Here’s a quiz for you:
Name the TV shows that the following characters are part of — Arya Stark, Rick Grimes, Don Draper, Walter White, and Claire Underwood.
Chances are you’ll know at least four of those (for the severely uninitiated, it’s Game of Thrones, The Walking Dead, Mad Men, Breaking Bad, and House of Cards). You may not watch all of these shows, but unless you live under a rock, you’ve definitely heard/read about these characters and the TV shows they’re on. Your Facebook feed over the past month was most likely filled with articles describing the power dressing guide by Claire Underwood or Arya taking down Nightwalkers in season 7 because she now has a Valyrian blade. Or one of the many, many, many, many articles theorising the various character reunions on GoT. And surely somebody you know has, at some point, used a Don Draper gif (possibly when they think they’re being suave and winning) while chatting or messaging online.
Now, let’s try this quiz for a different set of characters: Liv Moore, Liza Miller, Walter Bishop, Issa Rae, and Stephen Holder.
Know them? Maybe you do, maybe you don’t. If you do, congratulations — you watch TV shows that not everybody in the TV viewing world talks/writes/tweets about at every given opportunity, all the time. It means that you’re open to watching things on television that might be a bit more unconventional — not just the big budget shows or the awards season favourites, but maybe something slightly obscure.
Don’t worry, it doesn’t necessarily make you a TV snob — for that, you’d have to hang up your television on the wall and call it “art”, never using it, instead only watching shows online! If, however, you don’t know these characters, have never heard/read about them or the TV shows they’re on (iZombie, Younger, Fringe, Insecure, and The Killing), and are limited to mostly watching the first batch of shows, then: (1) you have no idea what you’re missing out on (Stephen Holder is a homicide detective in the incredibly well crafted procedural The Killing, and is portrayed by Joel Kinnaman. Also, that jaw clench!), and (2) you, dear viewer, probably only watch one type of television, and that’s prestige TV!
A lot has been written about how we are smack down in the middle of television’s latest golden age, to the point where TV executives are now referring to a phenomenon called “peak TV”, which is essentially the idea that there’s just way too much TV, where viewers are being inundated with too much choice. Despite a whopping 33 cancellations on various American networks this year, we can all agree that there’s no dearth of TV shows. Good TV shows, even great ones. Of course, we’re also at a point where a show being cancelled doesn’t necessarily mean anything — just consider Sense8’s shocking cancellation during season 2, the online outrage by fans, and its eventual movie-length return. That’s television for you in 2017!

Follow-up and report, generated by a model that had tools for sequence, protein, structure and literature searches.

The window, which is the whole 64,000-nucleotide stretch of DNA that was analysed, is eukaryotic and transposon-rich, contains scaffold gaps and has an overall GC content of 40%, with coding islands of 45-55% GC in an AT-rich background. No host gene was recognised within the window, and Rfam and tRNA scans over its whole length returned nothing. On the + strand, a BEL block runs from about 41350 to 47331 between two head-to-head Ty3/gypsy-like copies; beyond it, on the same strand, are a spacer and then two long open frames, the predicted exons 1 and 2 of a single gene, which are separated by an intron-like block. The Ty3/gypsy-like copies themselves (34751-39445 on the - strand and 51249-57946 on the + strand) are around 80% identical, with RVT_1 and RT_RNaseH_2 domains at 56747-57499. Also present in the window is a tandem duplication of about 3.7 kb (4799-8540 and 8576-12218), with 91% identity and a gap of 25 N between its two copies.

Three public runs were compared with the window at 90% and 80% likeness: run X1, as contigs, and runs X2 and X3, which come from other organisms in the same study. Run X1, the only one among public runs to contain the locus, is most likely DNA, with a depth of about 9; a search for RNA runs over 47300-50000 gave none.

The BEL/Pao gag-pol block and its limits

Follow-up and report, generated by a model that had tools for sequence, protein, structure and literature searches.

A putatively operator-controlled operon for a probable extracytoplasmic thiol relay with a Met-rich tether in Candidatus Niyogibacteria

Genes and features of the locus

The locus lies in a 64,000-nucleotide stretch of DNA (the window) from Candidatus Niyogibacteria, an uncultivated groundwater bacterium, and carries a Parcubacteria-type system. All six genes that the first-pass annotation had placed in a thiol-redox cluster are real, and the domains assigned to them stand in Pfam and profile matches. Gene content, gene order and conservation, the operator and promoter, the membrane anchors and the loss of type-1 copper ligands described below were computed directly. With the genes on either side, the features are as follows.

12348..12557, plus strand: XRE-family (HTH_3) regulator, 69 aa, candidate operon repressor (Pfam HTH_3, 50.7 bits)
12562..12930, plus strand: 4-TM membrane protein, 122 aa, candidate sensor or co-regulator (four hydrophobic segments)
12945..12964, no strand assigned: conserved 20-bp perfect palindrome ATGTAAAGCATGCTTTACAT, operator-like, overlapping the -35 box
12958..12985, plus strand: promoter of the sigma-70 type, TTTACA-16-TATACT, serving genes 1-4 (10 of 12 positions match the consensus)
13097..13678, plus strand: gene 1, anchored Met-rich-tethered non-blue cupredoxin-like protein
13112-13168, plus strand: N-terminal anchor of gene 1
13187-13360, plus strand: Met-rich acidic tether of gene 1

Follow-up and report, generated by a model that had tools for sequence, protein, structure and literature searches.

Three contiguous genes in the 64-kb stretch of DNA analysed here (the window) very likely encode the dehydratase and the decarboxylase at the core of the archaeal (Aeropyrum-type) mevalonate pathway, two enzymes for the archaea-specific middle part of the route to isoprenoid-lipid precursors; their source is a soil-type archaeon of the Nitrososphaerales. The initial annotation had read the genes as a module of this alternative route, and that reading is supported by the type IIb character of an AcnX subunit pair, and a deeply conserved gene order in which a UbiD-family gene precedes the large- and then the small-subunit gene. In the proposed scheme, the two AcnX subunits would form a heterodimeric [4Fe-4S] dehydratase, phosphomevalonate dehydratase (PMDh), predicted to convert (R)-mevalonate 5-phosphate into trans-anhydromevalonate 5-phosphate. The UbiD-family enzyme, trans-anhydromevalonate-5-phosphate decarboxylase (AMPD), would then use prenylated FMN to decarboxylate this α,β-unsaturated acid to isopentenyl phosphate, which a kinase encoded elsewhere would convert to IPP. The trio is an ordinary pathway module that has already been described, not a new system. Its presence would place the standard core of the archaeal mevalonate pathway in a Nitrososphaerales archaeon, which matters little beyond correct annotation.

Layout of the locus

Peak TV and reboots are terms that quintessentially belong to our time. The concept of “prestige TV”, on the other hand, has been around for a while now; remember when The Sopranos, The Wire, and Lost (all incredible shows, no doubt) hogged all the newsprint real estate while Veronica Mars had to be relegated to the sidelines, eventually being cancelled after just three brilliant seasons, despite single-handedly creating a new genre of television, ie teen detective noir? Side note: 2017’s Riverdale probably owes a lot to Veronica Mars!
Ten years later, in the midst of the most creative television fare we have on offer, we somehow don’t seem to be talking all that much about shows like Younger, Search Party, or Dirk Gently’s Holistic Detective Agency; I mean, sure, there are the passing articles and reviews (I’ve done a couple of them myself here on Firstpost), but despite the ingenious and empowering storylines and narratives of these shows, we constantly find ourselves coming back to the familiarity of extolling shows like GoT, House of Cards, The Walking Dead, Fargo etc. Or the revived Twin Peaks (which, with its mere association to David Lynch and Showtime, was guaranteed “prestige TV” status). Or The Handmaid’s Tale.
You get my point — there’s usually a trend towards the kind of shows our cultural observations and conversations gravitate towards — Vulture’s Kathryn VanArendonk rounded up a list of 13 Signs You’re Watching a ‘Prestige’ TV Show; it’s a hilarious and uncanny list that applies to every show that qualifies as “prestige” TV!
In 2017, what are some of the prerequisites for a TV show to be termed prestige TV?
They are most frequently produced by specific networks like HBO, AMC, FX, Showtime, and increasingly Netflix, Amazon, and Hulu.